Captain James Nimmo was born in 1897 and grew up in the North Otago town of Ngāpara. He was working for his father as a coal miner when the war broke out, and he enlisted in 1917, just one day before his 20th birthday.
Nimmo dropped his first name ‘Captain’ – for obvious reasons – and went by his middle name, James.
Nimmo began active service in February 1918 and left New Zealand with the 37th Reinforcements in May that year. He joined the 3rd New Zealand Rifle Brigade in September and proceeded to France.
Nimmo arrived on the Western Front in the final stages of the First World War, during the time of the rapid Allied advancements that came to be called the Hundred Days Offensive.
On 4 November 1918, Nimmo’s unit took part in the capture of Le Quesnoy. His group advanced towards the town, while other New Zealand soldiers advanced around the sides of the town, looking for any Germans still defending.
The whole of the 1500 yards proved to be a series of orchards. Fences through which holes had to be chopped were very numerous. We had no trouble until the finish and we struck a machine gun there. Had just about got into position to bomb them out when another mob of our boys came round from the other side of the town to connect up with us. They were right on Jerrie before he saw them and he surrendered immediately.
That was our job finished and we moved back and took up a position outside one of the entrances. The position at this stage was that we had surrounded the town, gone miles past it and were still advancing. Jerrie was still in the town.
Nimmo later wrote about how surprised he was to still be alive following an encounter with more German defenders at Le Quesnoy.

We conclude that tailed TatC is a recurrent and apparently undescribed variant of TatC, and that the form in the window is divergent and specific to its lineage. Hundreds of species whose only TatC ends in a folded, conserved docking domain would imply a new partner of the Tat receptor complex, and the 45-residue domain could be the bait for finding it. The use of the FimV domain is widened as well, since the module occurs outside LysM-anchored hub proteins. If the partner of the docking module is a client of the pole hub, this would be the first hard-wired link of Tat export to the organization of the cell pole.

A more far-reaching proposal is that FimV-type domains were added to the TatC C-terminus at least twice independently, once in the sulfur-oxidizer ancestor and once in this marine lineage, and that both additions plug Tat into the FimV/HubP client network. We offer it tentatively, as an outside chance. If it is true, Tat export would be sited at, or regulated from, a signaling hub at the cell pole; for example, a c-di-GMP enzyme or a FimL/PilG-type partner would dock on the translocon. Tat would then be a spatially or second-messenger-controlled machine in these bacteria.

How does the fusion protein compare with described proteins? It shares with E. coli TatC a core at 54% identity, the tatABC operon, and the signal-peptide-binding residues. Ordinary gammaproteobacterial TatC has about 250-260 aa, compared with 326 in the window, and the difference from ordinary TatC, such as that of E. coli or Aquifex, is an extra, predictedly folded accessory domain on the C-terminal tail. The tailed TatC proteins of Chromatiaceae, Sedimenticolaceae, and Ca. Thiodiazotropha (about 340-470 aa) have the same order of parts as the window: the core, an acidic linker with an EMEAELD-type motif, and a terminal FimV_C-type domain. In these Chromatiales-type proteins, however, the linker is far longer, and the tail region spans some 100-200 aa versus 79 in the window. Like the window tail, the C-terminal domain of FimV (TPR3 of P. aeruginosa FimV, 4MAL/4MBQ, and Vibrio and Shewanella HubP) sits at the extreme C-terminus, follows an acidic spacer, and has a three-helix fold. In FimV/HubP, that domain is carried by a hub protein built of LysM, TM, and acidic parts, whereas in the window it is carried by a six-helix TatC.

Looking for another patrol which had earlier gone missing, Nimmo and his comrades were at first swarmed by jubilant French residents of the town.
We got into the town and were simply overwhelmed by civies. Laughing, crying, and just about mad with joy. It was ten minutes before we could get away from them. Then two of us searched everywhere near the gate but found no Jerries.
A civie took the lead, and we started off getting a pancake each on the way. Had just got a mouthful when the old boy opened out from 50 yards down the street. The civie got one through the hand. One of my mates got one through the leg and one in the arm.
There was no shelter and there was nothing for us to do but run for it. A good hundred yards. Could see the bullets hitting the cobbles in front of us, and were getting pieces of brick from behind, but neither of us got hit.
Nimmo was lucky to escape unscathed.
That evening, the German garrison surrendered, and the town of Le Quesnoy was liberated.
Following the armistice, which came one week later, Nimmo went on to take part in the occupation of Germany. Crossing the Rhine with his battalion left a huge impression on him.
The old war finished, and the knowledge that we have smashed Prussian Militarism, for good, I hope, & the prospect of us all returning home within a short period ought to make this Xmas an unforgettable one.
For my part there is only one other day which will outlast this Xmas in my memory, and that is last Sunday December 22nd. The day we first set foot on German soil.
I can’t write or couldn’t even tell you how I felt that day, & when we marched through the streets of Cologne and crossed the Rhine that evening, – well, that is simply indescribable…
Nimmo returned to New Zealand in 1919, and lived in Ngāpara until shortly before his death in 1979.